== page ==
Thursday, January 3, 2013

The things we keep

I'm a sentimental person.  I can tear up at a commercial and, in general, avoid movies featuring children and most country music because I just can't handle the emotion.  However, my emotional nature is stirred more by words triggering memories than by objects.  I don't hang onto much, don't do collections, and my kids have already learned to look through the recycling bin for their most recent artwork (I do have a heart and save special pieces, though).  There are few family photos on the walls, although I have entire galleries on my computer and a box of treasured prints to flip through.  I have saved all of my husband's sweet love notes, and we continue the tradition started when we were poor seminary students of writing a love letter to each other every Christmas.

Something is happening to me, though, and I blame it on the wrinkles that are joining the party started by the gray hairs several years ago. As I get older, I'm alarmed by how quickly entire periods of my life and identity have been wiped from my memory.  My husband and I often play the game, "What did we do before we had children?" because it truly is a mystery to us.  I remember snippets of our intense and brief time of dating which was the most beautiful time of my life up to then, but now it is almost reduced to fragments and a vague sense of how I felt at the time (oh to be young and in love). 

I was cleaning out our storage area the other day and came across all of our old albums and scrapbooks (ah, that must have been what we did before kids...make records of all the inconsequential things we did!).  Flipping through took me back to the births of our children, our honeymoon, our wedding, seminary, college, and high school, and magically reversed the aging process.  There were pictures of people I couldn't name and faded memories I couldn't place.  More than forgetting the events was the loss of forgetting who I was then, what I felt, what I had dreamed.  Have I yet realized those dreams?

I found a travel journal from a trip to Europe shortly after my high school graduation (oh, to have that opportunity again).  I recognized pieces of the snarky girl who mostly complained about all the wonders she was experiencing (I guess not everything has changed).  I found myself, for once, wanting to hang on to it all, to recapture some of the experiences, the feelings.  The power of nostalgia is strong...even though was so anxious to move on from those times that I seemingly banished them from memory, now I wonder what I'm missing.  I remembered that when we moved to this house from our old one, John convinced me to get rid of some trophies I had earned in high school.  He, in jest, told me to "lay my trophies down", just as some have said we are expected to lay our crowns at Jesus' feet in heaven.  I have joked since that I miss those awards as they are proof that I was once smart, that I was destined to succeed.  And here I am, right where I want to be, but still living in doubt.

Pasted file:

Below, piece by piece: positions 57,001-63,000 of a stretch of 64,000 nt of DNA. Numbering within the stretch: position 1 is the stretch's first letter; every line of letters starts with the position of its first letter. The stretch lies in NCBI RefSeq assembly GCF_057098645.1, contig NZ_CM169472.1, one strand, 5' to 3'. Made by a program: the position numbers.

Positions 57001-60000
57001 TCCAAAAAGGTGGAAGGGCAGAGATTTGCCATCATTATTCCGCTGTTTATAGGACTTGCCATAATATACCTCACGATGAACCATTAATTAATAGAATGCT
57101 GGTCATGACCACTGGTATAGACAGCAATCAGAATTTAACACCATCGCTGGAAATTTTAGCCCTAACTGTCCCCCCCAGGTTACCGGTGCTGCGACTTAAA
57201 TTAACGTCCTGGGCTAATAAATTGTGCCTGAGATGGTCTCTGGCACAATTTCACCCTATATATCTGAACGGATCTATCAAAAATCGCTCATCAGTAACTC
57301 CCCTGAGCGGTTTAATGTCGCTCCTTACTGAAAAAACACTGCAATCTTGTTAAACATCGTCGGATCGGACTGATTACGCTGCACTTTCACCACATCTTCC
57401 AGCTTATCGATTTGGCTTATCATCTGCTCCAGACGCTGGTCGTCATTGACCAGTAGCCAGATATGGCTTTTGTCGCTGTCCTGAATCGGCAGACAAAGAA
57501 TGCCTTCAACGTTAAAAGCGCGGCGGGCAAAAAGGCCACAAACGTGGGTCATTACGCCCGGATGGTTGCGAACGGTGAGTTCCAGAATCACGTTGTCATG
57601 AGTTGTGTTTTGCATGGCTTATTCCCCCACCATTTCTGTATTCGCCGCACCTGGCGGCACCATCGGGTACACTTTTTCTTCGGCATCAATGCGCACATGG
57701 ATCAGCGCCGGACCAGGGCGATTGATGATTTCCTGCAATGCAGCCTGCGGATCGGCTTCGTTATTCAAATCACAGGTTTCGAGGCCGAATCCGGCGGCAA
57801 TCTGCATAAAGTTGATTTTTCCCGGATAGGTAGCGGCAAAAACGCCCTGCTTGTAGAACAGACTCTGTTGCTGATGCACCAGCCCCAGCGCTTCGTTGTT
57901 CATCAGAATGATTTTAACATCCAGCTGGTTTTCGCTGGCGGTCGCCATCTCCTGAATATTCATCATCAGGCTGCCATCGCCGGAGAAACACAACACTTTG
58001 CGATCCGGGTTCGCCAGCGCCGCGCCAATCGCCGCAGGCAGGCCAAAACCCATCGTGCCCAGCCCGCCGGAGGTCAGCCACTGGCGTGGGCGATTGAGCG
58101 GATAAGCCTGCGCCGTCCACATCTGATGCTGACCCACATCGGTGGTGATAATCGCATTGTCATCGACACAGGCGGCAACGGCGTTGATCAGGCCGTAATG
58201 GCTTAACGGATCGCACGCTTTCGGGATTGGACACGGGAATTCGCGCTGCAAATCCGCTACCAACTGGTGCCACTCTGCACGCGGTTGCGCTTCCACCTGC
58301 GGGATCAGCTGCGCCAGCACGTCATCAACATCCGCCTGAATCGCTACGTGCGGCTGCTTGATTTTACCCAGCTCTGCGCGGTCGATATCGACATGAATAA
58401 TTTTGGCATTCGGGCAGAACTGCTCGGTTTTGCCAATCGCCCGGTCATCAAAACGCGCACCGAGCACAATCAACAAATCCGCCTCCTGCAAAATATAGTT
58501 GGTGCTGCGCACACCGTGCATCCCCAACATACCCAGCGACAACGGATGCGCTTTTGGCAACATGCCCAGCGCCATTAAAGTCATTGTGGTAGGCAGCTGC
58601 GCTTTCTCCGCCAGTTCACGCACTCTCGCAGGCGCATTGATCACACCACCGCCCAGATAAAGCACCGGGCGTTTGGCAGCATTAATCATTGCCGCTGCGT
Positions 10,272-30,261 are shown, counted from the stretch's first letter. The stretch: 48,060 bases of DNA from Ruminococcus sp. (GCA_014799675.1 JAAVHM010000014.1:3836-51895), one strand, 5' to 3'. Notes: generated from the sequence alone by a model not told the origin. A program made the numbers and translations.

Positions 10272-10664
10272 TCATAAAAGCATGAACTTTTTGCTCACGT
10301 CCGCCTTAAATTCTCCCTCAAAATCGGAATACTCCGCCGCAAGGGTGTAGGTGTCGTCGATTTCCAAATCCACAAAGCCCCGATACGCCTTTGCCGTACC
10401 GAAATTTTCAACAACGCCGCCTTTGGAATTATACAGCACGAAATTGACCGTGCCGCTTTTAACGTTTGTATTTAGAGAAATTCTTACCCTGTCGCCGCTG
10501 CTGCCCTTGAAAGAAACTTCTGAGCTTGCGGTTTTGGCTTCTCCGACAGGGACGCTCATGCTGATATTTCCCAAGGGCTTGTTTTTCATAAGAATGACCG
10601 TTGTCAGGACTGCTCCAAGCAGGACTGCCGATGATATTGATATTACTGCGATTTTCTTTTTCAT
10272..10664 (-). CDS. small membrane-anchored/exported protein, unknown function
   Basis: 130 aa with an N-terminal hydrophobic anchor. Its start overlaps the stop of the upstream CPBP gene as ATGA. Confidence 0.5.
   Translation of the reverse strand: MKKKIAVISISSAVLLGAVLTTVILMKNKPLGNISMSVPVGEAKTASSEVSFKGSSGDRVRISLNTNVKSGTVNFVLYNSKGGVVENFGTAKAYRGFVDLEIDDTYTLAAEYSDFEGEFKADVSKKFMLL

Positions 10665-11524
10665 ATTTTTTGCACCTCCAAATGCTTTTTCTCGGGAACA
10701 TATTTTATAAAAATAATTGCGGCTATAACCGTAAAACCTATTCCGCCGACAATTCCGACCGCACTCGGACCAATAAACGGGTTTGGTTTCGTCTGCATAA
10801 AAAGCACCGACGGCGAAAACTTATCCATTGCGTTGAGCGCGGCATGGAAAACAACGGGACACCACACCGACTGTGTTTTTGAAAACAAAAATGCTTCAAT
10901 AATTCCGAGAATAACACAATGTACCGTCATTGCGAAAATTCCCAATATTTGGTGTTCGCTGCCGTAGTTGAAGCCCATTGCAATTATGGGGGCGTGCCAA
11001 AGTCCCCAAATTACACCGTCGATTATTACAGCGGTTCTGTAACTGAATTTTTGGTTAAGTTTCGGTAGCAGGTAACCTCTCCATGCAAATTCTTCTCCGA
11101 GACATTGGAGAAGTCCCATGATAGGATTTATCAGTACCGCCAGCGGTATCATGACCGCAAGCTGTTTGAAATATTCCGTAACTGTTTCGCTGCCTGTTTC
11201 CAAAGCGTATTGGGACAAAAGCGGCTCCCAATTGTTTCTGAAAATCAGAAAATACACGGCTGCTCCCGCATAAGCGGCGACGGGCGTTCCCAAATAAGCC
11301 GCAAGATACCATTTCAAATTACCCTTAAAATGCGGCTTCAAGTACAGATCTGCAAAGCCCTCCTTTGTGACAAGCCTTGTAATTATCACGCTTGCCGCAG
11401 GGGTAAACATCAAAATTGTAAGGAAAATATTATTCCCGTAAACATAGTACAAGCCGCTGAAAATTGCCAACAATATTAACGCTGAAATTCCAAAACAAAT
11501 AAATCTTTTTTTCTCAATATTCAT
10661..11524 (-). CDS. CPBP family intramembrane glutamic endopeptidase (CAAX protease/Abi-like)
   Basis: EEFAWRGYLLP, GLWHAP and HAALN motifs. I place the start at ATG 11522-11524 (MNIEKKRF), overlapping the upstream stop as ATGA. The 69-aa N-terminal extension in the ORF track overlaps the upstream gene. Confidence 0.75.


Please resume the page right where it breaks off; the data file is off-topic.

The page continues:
What is it about age that makes us look back?  There is nothing that I had then that I miss, and nothing now that I lack.  Is it the fear of time running out, and longing to return to a time when we felt invincible and eternal?  Is it the hope and promise of youth (and realizing that we misspent so much of it?)

This time, I decided I needed something to keep.  A visual reminder of what has been.  Not because I long to return or desire to live in the past, but to remember the memories of the times that have made me who I am(or at least have symbols of some of what I've experienced and forgotten) .  I pulled out my high school letter (earned in band), and many of my academic and club medals and put them in a glass container in my office (where my husband can't find it and tease me...shh....).  It's on a low shelf, mostly out of sight, but is there for those days when I need to be reminded of who I have become.

 And I took a picture of myself today, with new wrinkles and scraggly gray hairs, for the me I'm becoming to look back on one day fondly, reminded of, if not quite remembering, the journey I took to get there.

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